I have a friend who also has a pony/mini (stands one inch shorter then Moose), who invited me along with her and Beau to a mini/pony in hand gaming show in Roy, WA. The entry fee was $25 for the day including six patterns. Sounded like fun! And although we dont really do the in hand gaming stuff, I thought it would be great exposure for him at a low key show (schooling level) and a good test on our ground handling and manners.

We loaded up in her friend's large three horse Logan gooseneck, and I swore upon arrival the folks there expected to see six minis pop outta that thing, not just two!

Moose got pretty attached to Beau, which is definitely something to work on, but we had a great day. Aside from herd-bound issues, he never spooked at anything and didnt mind the arena at all. In fact, when we were in the arena and away from Beau, he was quite focused on the task at hand. It was only after we left the arena and Beau headed in that Moose started having some screaming fits. For the most part however, he remained pretty good about listening to me and my direction even in his fits.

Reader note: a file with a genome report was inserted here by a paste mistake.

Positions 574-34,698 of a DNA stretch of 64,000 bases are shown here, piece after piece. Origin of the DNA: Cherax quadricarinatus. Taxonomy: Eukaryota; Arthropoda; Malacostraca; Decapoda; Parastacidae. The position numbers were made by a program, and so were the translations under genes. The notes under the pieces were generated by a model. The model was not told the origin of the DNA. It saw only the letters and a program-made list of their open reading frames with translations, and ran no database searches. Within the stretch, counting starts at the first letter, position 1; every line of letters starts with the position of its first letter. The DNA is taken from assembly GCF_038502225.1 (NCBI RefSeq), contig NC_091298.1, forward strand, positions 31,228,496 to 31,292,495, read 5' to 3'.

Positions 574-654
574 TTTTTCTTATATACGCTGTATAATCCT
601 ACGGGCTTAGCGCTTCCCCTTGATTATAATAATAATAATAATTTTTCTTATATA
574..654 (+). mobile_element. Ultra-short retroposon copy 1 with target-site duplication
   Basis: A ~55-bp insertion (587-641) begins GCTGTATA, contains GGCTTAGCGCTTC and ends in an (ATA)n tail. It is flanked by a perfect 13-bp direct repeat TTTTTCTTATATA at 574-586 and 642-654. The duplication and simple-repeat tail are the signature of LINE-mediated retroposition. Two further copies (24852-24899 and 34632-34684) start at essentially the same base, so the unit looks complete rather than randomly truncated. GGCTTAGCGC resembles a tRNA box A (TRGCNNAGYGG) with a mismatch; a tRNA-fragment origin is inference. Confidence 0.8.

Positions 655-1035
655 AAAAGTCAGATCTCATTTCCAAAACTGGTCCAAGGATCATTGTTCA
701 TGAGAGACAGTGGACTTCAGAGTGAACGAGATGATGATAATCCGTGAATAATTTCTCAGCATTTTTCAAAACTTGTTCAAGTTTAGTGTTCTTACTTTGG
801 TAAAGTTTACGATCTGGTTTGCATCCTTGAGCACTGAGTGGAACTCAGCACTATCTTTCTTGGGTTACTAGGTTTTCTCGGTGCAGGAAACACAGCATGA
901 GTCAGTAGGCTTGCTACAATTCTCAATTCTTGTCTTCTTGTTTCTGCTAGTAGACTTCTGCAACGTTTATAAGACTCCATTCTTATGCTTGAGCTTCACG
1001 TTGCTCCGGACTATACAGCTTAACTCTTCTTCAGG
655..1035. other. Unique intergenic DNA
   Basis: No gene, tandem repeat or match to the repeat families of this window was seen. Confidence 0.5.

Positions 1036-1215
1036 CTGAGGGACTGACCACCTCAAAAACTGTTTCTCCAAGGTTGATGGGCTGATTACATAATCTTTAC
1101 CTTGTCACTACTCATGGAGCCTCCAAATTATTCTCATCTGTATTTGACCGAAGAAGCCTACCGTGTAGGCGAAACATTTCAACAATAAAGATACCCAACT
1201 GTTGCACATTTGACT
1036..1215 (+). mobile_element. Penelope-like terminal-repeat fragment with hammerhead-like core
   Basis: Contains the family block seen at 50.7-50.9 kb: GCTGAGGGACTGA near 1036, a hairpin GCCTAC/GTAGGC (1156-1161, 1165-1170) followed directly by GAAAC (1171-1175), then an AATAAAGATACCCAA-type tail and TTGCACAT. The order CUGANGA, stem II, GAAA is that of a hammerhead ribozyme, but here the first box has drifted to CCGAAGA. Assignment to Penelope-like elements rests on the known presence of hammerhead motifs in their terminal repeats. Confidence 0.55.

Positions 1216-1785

We were signed up for all six patterns which included in hand barrels, key hole, flags, cal stake, speed barrels, and modified poles. Moose and I were in the Senior division, 17-39, and only had one other competitor, who was handling a cute bay pony/mini that Moose was entranced with. I think he felt like he recognized the mare, and maybe he did.

All in all, we finished the day with five first places and one second place which, by default, we received the high point medal for the day! Although our times beat out the only other competitor they werent even as fast as Beau's who was in the Super Senior Division and who also received high point for their division.